Introducing peanuts earlier to avoid allergies

In ground-breaking research in 2015, scientists believed they discovered the answer to life-threatening peanut allergies – introduce peanuts into your baby’s diet in the first year of life.

Can peanut allergy be avoided?

In a multinational trial that followed more than 600 babies deemed at high risk for developing peanut allergies, UK researchers found that feeding babies snacks containing peanut butter reduced the likelihood of developing a peanut allergy by more than 80 percent by their fifth birthday.

Half of the bubs in the trial, all of whom already had eczema or an egg allergy, were fed the equivalent of about four heaped teaspoons of peanut butter each week, starting when they were between four and 11 months old. At the end of five years, scientists discovered that about 17 percent of the kids who avoided peanuts developed peanut allergies, compared with only 3.2 percent of the kids who ate peanuts.

Head researcher Gideon Lack of King’s College London said that based on these findings most parents should start feeding their babies peanut products as early as possible — not whole peanuts or giant gobs of peanut butter, but peanut products mixed in with some other food “to avoid any possible choking hazard”.

But he warned that while the study results were dramatic, all parents must consult a doctor or specialist before exposing their infant to peanuts.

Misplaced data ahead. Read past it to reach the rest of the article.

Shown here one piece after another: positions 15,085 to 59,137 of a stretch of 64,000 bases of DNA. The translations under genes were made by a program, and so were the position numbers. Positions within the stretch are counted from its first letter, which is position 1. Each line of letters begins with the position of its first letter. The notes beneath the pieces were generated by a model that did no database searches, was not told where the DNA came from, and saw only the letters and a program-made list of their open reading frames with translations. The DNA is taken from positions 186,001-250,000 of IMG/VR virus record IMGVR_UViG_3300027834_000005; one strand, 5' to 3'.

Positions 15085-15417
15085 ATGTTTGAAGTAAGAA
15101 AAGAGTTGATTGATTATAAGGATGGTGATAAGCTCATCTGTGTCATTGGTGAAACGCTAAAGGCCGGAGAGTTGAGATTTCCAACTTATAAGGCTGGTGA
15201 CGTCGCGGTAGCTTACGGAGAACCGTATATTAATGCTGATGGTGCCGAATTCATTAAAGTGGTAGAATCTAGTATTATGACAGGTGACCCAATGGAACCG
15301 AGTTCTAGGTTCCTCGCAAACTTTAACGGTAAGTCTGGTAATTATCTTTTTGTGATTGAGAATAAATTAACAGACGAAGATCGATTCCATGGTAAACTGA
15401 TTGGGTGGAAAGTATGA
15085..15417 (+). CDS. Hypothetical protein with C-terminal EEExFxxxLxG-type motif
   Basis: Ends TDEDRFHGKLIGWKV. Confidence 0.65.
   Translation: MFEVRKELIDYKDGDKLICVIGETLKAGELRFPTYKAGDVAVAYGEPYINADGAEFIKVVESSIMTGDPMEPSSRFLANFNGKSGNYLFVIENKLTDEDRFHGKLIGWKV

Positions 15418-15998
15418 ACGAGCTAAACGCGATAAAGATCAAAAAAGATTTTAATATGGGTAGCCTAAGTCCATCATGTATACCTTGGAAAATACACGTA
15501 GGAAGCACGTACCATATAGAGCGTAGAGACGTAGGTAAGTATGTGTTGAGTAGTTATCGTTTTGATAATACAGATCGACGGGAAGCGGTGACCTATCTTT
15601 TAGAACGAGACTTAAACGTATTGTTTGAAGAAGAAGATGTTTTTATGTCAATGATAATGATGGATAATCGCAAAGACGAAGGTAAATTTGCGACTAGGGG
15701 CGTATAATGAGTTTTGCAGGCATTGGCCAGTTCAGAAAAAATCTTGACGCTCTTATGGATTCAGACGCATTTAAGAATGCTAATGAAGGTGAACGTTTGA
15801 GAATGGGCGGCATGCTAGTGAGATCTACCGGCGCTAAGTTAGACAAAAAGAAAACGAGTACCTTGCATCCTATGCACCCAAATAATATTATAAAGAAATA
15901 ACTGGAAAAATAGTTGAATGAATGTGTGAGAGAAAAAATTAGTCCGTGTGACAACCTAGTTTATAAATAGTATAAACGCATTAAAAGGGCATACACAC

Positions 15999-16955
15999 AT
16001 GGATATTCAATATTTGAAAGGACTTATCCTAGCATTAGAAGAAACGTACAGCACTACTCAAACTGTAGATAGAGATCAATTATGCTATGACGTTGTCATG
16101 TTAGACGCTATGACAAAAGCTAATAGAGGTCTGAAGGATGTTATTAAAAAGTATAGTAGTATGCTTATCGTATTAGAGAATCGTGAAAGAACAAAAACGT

What sparked the research

According to reports by the NPR in the US, the study was launched after Gideon noticed that Israeli kids are much less likely to have peanut allergies than Jewish kids in Britain and the US. And he believed that it may be linked to how Israelis fed their kids a snack made with peanuts and corn from a very young age.

This is completely opposed to the current sway of thought, which generally advises that peanuts not be introduced into an infant’s diet in the first year because of the fear of causing allergies.

These findings are ground-breaking

Experts from around the world hailed these results as game-changing. An editorial published in The New England Journal of Medicine along with the study called the results “so compelling” and the rise of peanut allergies “so alarming” that guidelines for feeding infants at risk of peanut allergies should be revised soon.

For New Zealand children these findings are significant as peanuts are in the top three most common causes of food allergies in NZ children. There is evidence that rates of food allergy globally have risen significantly in the last decade, and some, such as to peanut, have risen dramatically. Reasons for this increase are not known.

And it’s a number that has shown marked increases with the incidence among Australian toddlers, doubling between 2000 and 2009.

Australian research leads the way for a cure

In 2013, Australia researchers announced they had found a possible cure for peanut allergy. The Murdoch Childrens Research Institute study involved giving about 30 allergic children increasing daily doses of peanut protein and a probiotic over an 18-month period. At the end of the trial, 80 percent of the children could eat peanuts without any adverse reaction.

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